Rooted in providing accessible public education to underrepresented communities, Seattle Central, which has a diverse racial makeup and takes pride in its mission to provide opportunities for the most marginalized demographics, prepared a lengthy agenda for this year’s Black History Month.
As of the 2018-2019 demographic collection, 20% of Central’s student populous identifies as African American — a significant number when compared to Capitol Hill’s overwhelming White majority where just 3.8% of the populous identifies as Black.
In the midst of a national outcry for racial justice, Black History Month at Central is providing an opportunity for education and context for the demands of those seeking to dissolve the racist systems that define the lives of the Black community.
With over ten events organized throughout the month by the school for a variety of audiences, Central is immersing those interested in the programs with topics ranging from music, intersectional activism, art, and sex.
To plan, host and facilitate these events, the school organized its own Black History Month Planning Committee including Dennis Denman, Student Leadership Advisor; Dr. Valerie Hunt, Equity Diversity and Inclusion Office Associate Vice President; and Chelsia Berry, the Associate Dean for the STEM department.
This year, the theme for Black History Month is “Virtual Congo Square,” as announced by the team in an email to the school community. The announcement cites the theme as a “recreation of the shared space of New Orleans’ Vieux Carre and Faubourg Treme neighborhoods that is the historic gathering space for the city’s Black and African American community.”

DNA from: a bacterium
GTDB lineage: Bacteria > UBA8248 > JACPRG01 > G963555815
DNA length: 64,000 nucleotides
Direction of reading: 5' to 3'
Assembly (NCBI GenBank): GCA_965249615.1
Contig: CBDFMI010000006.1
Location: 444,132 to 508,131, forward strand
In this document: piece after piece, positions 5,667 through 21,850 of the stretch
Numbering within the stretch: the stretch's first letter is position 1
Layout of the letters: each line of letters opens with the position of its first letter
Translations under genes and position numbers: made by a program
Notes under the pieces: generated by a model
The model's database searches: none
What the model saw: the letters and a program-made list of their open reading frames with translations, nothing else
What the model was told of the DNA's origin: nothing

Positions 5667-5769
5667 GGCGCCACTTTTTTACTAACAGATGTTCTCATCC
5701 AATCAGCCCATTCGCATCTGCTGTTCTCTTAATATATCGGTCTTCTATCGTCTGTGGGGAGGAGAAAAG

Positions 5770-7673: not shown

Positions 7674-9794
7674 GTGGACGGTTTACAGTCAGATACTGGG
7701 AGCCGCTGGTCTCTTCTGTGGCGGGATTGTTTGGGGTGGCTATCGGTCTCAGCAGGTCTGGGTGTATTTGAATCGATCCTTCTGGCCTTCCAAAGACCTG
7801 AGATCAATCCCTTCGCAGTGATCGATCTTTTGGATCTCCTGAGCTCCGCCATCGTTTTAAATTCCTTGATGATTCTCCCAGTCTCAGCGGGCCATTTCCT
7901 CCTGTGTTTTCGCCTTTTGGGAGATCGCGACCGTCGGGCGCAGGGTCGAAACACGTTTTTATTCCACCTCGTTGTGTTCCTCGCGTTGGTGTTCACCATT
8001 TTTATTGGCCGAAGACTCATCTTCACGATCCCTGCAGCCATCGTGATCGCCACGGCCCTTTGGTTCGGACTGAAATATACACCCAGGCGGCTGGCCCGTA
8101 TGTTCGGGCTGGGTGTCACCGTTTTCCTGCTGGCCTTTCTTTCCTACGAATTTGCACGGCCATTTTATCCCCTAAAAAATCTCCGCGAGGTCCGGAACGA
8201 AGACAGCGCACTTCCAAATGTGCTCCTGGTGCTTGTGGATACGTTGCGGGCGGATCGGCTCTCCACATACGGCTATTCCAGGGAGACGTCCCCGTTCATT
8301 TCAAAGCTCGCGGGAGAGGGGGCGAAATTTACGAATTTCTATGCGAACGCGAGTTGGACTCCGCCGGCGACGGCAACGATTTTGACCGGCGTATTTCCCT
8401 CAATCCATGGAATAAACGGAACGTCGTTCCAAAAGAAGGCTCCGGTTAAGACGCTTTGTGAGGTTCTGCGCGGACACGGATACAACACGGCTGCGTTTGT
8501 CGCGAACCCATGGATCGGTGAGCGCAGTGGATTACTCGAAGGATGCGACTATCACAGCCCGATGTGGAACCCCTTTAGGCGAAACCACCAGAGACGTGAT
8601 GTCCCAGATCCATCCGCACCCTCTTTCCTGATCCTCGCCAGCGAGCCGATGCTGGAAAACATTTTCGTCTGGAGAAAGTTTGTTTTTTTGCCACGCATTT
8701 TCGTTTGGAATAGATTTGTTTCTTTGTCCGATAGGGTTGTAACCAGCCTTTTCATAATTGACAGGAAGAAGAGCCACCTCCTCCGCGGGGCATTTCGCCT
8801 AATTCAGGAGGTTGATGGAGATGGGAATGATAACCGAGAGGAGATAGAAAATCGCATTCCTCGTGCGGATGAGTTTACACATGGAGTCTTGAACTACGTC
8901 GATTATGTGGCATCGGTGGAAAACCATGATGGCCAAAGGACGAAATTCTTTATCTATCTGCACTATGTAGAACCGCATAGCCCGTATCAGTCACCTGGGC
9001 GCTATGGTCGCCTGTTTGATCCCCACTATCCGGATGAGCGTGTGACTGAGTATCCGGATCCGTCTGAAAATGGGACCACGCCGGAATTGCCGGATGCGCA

Congo Square, the shared space that is referred to, has been a historical place of solace for slaves and Black people to find comfort in community and celebrate their cultures.
Central says that in the “spirit” of Congo Square, the month’s activities and community events will focus on the values and characteristics that define the Black community, like the joy of life and resilience.
Already, Central has hosted a Professional Development Day for faculty, featuring the Black Solidarity Think Tank; and “Emerald Street”, featuring humanities faculty member Dr. Daudi Abe.
In the coming weeks, programs aiming to strengthen community will continue to ensue. Events like “Fellas Friday,” which aims to empower Black men; “Seattle Central Sister Circle”, which works to empower Black women, and “Black Creativity: Paint, Sip, & See” which will feature local artist and Central student Myron Curry, will foster collective discussions forward for the community.
Students, staff, and faculty can find the events planned for the month here.